3 Facebook Reactions Tips for Marketers
You know the feeling: You log into Facebook and spot troubling news from a friend or yet another political update that makes you cringe. You want to make a show of support, or voice your disappointment, but “like” doesn’t feel right. Nearly six months ago, Facebook made its first bid to answer this problem inherent in the “like” by rolling out a set of six emotions, freeing users to hover, then select and articulate a more specific reaction, if they so chose. Now that we’ve settled into a post-like world, how are users accommodating their new options? And what lessons can marketers take from even the early days of Facebook Reactions?
Facebook Reactions 101
Just in case you or someone new to your team still needs a primer on the context for each Facebook Reaction, see below:
How are Users Responding?
In our most recent Smart Social Report, to check usage of Reactions, Spredfast’s Research and Insights team looked at a collection of brands, teams and personalities on Facebook—and their posts since Reactions rolled out.
Their full findings can be found here, but it’s worth noting that, not surprisingly, the Like is still the preferred method for users to interact with content on Facebook. This, the team found, is primarily for two reasons:
1) It’s how users have been trained to use the platform for a while now, and changing behaviors, no matter how small, always takes time.
2) Based on the user interface, this is also the first and easiest choice to make to show support for a piece of content. Selecting the other reactions simply takes more time and effort for the user.
But just because Likes are the dominant reaction, however, doesn’t mean that users aren’t using the other Reactions in many cases.
The Facebook Reactions Outliers: Comedians
Content posted by comedians showed the highest percentage of non-Like Reactions, by a wide margin.
Not surprisingly, the HaHa Reaction was the biggest one being used to respond to comedic content, but that wasn’t the only expression used more than the other groups our team looked at. Comedians also saw the highest averages for Love and Sad (mostly used for tributes to colleagues who had passed away) compared to any other group.
- When major events occur, respondents turn to Facebook for reactions and opinions, and to Instagram for behind-the-scenes content.
- Respondents said both platforms “fulfill their need for fun and discovery,” but fun was defined as encountering the unexpected on Instagram, and as humor on Facebook.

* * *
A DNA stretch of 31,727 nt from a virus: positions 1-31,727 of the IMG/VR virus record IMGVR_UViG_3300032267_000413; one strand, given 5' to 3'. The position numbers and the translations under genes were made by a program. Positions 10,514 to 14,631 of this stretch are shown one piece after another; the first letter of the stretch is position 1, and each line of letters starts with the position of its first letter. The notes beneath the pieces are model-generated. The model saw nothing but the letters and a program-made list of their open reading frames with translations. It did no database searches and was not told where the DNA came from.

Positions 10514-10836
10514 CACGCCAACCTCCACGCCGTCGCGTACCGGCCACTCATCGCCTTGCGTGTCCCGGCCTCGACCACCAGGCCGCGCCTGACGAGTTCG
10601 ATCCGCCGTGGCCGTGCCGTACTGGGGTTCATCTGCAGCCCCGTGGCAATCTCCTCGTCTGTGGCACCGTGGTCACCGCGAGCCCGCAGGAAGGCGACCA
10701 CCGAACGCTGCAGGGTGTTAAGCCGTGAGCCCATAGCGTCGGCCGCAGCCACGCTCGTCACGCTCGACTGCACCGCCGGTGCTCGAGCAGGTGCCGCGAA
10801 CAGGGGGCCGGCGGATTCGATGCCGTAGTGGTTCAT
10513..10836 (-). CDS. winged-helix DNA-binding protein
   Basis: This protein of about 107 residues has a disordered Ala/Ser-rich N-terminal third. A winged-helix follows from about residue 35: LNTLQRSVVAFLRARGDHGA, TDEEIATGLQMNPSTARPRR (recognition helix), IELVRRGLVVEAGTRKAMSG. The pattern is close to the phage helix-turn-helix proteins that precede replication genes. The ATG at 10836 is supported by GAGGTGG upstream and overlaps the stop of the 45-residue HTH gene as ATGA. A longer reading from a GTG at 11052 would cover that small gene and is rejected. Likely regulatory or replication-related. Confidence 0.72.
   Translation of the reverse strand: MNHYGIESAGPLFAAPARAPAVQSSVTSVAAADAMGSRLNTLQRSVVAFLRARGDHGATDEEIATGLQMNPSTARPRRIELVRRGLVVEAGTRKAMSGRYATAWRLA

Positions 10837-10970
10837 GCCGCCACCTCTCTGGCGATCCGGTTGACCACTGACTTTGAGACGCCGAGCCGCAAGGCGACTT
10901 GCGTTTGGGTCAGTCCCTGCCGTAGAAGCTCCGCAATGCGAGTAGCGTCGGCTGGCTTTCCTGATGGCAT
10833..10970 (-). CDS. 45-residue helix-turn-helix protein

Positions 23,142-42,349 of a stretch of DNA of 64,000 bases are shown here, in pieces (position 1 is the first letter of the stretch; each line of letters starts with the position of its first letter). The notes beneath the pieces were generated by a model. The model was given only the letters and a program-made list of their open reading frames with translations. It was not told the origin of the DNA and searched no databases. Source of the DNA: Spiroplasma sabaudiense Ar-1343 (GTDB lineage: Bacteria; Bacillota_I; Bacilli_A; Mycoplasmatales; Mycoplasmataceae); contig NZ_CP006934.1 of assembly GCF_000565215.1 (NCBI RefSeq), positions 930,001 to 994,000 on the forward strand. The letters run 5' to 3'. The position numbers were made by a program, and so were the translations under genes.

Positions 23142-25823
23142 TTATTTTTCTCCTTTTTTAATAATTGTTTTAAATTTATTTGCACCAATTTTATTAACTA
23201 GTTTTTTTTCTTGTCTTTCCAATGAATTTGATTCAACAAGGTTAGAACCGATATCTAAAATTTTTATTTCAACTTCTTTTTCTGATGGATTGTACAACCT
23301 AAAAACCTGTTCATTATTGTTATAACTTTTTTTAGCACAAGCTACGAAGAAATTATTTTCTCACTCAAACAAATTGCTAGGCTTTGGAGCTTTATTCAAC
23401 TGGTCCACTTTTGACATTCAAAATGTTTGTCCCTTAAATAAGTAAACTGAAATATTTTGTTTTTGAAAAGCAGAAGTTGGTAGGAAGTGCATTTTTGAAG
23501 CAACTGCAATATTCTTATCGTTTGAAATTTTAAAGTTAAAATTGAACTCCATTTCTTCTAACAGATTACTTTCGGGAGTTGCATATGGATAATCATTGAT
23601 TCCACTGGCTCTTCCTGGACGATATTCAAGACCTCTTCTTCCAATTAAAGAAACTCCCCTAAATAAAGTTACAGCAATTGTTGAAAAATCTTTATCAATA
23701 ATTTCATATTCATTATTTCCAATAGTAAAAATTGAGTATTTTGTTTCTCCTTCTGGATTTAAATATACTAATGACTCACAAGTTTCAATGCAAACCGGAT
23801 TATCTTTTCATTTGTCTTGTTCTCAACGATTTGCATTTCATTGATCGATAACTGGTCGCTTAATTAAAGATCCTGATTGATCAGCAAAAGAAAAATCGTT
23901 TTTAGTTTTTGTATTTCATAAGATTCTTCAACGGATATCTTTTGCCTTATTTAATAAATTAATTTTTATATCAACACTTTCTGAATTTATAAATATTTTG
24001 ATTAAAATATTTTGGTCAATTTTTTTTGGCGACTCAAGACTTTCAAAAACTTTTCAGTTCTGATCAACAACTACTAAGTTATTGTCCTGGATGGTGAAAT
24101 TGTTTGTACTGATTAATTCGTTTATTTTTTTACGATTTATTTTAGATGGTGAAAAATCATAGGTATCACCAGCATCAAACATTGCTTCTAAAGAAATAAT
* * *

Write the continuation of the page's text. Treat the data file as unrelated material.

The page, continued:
If users expect humor on Facebook, then, and comedians are already seeing more “HaHa”, marketers may well expect to see increased reaction from their fans on similar content — and perhaps would be well-advised to bake such content into a strategy early on.
3 Facebook Reactions Tips for Marketers
The Smart Social Report: Volume 5 offers even more on the potential in and challenges of Facebook Reactions, including a deep dive on what kind of content drives non-like reactions for sports teams, brands, and more. But for now, here are three takeaways all marketers can keep in mind when adopting and adapting to Facebook Reactions:
Know that Reactions Are Used In Some Situations, But Not In Others: Don’t always expect a wide, diverse set of reactions to all your content. Test the Reactions you receive from different types of content (funny, somber, emotional) to see how your tribe responds.
Leverage the New Content Opportunities that Map to Reactions: This new functionality gives your audience a lot more freedom to respond in different ways, which opens the doors to new types of content. Experiment with new creative ways to elicit the emotions you’re hoping to get from your marketing strategy and see how the audience responds; you may be able to use Reactions to create a post-Like world for your brand.
Weigh Reactions in Different Ways: Begin setting up a more sophisticated analysis plan to include Reactions, and make sure you weigh them differently than the everyday Like. All Reactions are not alike, so craft a smart measurement plan to pull a measure of sentiment, as well as engagement, from your audience.
Hungry for more smart social insights? Download our latest report, for free, now.